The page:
Compare any two graphics cards:
GeForce GTX 470 vs GeForce GTX 660 Ti
IntroThe GeForce GTX 470 comes with clock speeds of 607 MHz on the GPU, and 837 MHz on the 1280 MB of GDDR5 RAM. It features 448 SPUs along with 56 TAUs and 40 ROPs.
Compare those specifications to the GeForce GTX 660 Ti, which comes with a core clock speed of 915 MHz and a GDDR5 memory speed of 1500 MHz. It also features a 192-bit memory bus, and makes use of a 28 nm design. It is comprised of 1344 SPUs, 112 TAUs, and 24 Raster Operation Units.
(No game benchmarks for this combination yet.)
Power Usage and Theoretical Benchmarks
Power Consumption (Max TDP)
Theoretically speaking, the GeForce GTX 660 Ti is 8% faster than the GeForce GTX 470 overall, because of its greater bandwidth. (explain)
Texel RateThe GeForce GTX 660 Ti will be a lot (about 201%) better at texture filtering than the GeForce GTX 470. (explain)
Pixel RateIf using high levels of AA is important to you, then the GeForce GTX 470 is a better choice, though only just barely. (explain)
Please note that the above 'benchmarks' are all just theoretical - the results were calculated based on the card's specifications, and real-world performance may (and probably will) vary at least a bit.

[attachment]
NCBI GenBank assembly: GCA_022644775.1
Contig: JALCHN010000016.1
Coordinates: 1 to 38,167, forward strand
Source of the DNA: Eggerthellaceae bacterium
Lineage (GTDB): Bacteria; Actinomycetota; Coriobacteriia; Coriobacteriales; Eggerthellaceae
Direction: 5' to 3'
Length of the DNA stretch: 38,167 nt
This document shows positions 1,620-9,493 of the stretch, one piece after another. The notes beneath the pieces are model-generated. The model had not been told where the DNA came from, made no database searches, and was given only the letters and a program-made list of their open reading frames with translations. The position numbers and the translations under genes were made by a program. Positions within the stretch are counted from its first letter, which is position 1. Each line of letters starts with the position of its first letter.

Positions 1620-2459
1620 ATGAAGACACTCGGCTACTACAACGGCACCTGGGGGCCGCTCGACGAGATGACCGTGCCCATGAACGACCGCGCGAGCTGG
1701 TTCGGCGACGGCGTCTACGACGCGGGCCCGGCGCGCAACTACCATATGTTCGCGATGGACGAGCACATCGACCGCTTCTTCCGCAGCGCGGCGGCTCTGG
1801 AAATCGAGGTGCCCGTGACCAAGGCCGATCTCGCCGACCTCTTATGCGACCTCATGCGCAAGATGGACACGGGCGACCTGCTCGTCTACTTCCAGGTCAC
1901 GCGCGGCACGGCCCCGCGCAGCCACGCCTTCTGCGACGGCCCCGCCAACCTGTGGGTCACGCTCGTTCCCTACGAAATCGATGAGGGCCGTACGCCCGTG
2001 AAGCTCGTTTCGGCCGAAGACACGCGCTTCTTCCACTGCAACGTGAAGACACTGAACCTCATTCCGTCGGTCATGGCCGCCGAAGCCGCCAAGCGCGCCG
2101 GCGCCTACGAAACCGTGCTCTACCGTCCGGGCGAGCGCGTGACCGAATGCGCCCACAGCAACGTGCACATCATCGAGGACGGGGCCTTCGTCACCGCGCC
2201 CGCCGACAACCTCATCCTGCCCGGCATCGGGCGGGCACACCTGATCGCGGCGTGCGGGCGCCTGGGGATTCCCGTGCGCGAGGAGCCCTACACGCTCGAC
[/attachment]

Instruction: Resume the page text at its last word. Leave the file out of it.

Please note that the price comparisons are based on search keywords - sometimes it might show cards with very similar names that are not exactly the same as the one chosen in the comparison. We do try to filter out the wrong results as best we can, though.
Memory Bandwidth: Memory bandwidth is the largest amount of data (counted in MB per second) that can be moved across the external memory interface within a second. It's calculated by multiplying the card's interface width by its memory speed. If the card has DDR RAM, the result should be multiplied by 2 once again. If it uses DDR5, multiply by 4 instead. The better the card's memory bandwidth, the better the card will be in general. It especially helps with anti-aliasing, HDR and high resolutions.
Texel Rate: Texel rate is the maximum texture map elements (texels) that can be applied in one second. This is worked out by multiplying the total texture units by the core speed of the chip. The better this number, the better the graphics card will be at texture filtering (anisotropic filtering - AF). It is measured in millions of texels per second.
Pixel Rate: Pixel rate is the most pixels that the graphics chip can possibly record to its local memory in one second - measured in millions of pixels per second. Pixel rate is calculated by multiplying the number of Render Output Units by the the core speed of the card. ROPs (Raster Operations Pipelines - also sometimes called Render Output Units) are responsible for drawing the pixels (image) on the screen. The actual pixel rate also depends on lots of other factors, most notably the memory bandwidth - the lower the bandwidth is, the lower the potential to get to the max fill rate.